Vol. 12, No. 3,009 - The American Reporter - October 19, 2006



Hominy & Hash
NOTHING TRIVIAL ABOUT TRIVIAL PURSUIT

by Constance Daley
American Reporter Correspondent
St. Simons Island, Ga.

Printable version of this story

ST. SIMONS ISLAND, Ga. -- In case you've ever wondered what we really do on a rainy night in Georgia, listen in. After a few days of the holiday weekend spent trekking to fireworks, fighting the traffic, shaking sand out of our shoes, raiding the refrigerator, and, the younger of the family members visiting having their diapers changed, we just sat around and talked about trivial things, past and present.

Someone suggested the board game Trivial Pursuit to keep our late evening conversation flowing and the conviviality we all loved so much going as well. The game served its purpose but let me tell you, it's just not fair. Tom was asked "What discount department store has a big red target as its Logo?" Duh!

I was asked, "What was successfully banned in Boston in 1845?" How should I know? I wasn't there. I couldn't even guess but assumed it was some book. The answer was one word: "Bathtubs." It was enough to make me race to research the reasons but was convinced it was too trivial to bother. The game is comprised of common knowledge and obscure facts. It's nothing anyone really needs to know about.

What's it going to matter a hundred years from today? I've said that. It reduces circumstances both dire and fortunate to the passing moment and not something that will remain the same forever. Here we were talking about bathtubs in Boston 157 years after the ban.

We moved on to "What are the first five words of Lincoln's Gettysburg Address?" Four-score-and-seven-years, counted out on the five fingers of one hand, was shouted down with, "Wrong!"

"What do you mean, 'Wrong?' Four score is two words."

But, it didn't fly. The card says "Fourscore and seven years ago." Out came the dictionaries, the historical records, famous speeches, the Internet, and every other source we had. Every one of them pointed to fourscore, one word. "Let's move on," we chorused. The person with the penchant for perfection yielded and we went on with the game. And yet, it wasn't over. The next morning I found a copy of the Gettysburg Address in Lincoln's own hand: "Four score and seven years ago ...."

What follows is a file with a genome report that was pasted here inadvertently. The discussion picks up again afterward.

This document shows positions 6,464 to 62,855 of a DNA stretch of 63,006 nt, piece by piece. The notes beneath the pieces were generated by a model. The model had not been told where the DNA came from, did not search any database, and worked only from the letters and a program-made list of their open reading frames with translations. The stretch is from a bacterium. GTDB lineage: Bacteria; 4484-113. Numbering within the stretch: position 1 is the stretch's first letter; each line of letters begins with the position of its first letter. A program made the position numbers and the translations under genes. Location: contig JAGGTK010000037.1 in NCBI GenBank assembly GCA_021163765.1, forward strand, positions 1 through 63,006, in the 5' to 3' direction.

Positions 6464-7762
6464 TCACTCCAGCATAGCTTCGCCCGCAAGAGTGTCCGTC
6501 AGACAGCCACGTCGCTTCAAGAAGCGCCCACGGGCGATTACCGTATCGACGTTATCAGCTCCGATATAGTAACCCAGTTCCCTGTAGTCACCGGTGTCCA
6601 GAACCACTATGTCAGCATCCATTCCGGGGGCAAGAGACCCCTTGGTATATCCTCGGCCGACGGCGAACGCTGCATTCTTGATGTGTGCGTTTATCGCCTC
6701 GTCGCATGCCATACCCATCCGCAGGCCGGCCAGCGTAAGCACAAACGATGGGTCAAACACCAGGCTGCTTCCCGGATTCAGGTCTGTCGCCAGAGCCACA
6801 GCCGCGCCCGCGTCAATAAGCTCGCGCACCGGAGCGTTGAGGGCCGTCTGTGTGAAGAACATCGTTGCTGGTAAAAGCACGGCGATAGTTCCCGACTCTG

According to modern day experts, Lincoln was wrong, although no one said so. Our player was right, however, and, after all, it was Lincoln's Gettysburg Address, not Webster, Random House or Yahoo.

When I think of something trivial, I think of something insignificant in the larger scheme of things. But, it appears what is trivial to me may be of utmost importance to someone else. An example that comes to mind is the scene when Carroll O'Connor as Archie Bunker was trying to convince his son-in-law, Mike Stivic, played by Rob Reiner and called "Meathead" by Archie. Archie gives Mike a swat in the head saying "What are ya doin' Meathead? You don't put on a sock and a shoe and then the other sock and shoe. Foist, you put on a sock and then the other sock and that way both feet are covered if you have to run out in a hurry."

"But, Arch," says Mike trying to reason, "if you have on a sock and a shoe, you can hop out the door in case of fire without burning your feet."

Well, the argument went on about a sock and a shoe versus a sock and a sock, then a shoe and a shoe, until they both were dressed ... and no one could tell who did what and in which order to get that way.

Trivial? Sure. Worth anyone's time? Probably not. But as I look back on heated debates in my life, and leaving aside the game of the same name, some of my happiest times have been in trivial pursuits.

Copyright 2006 Joe Shea The American Reporter. All Rights Reserved.

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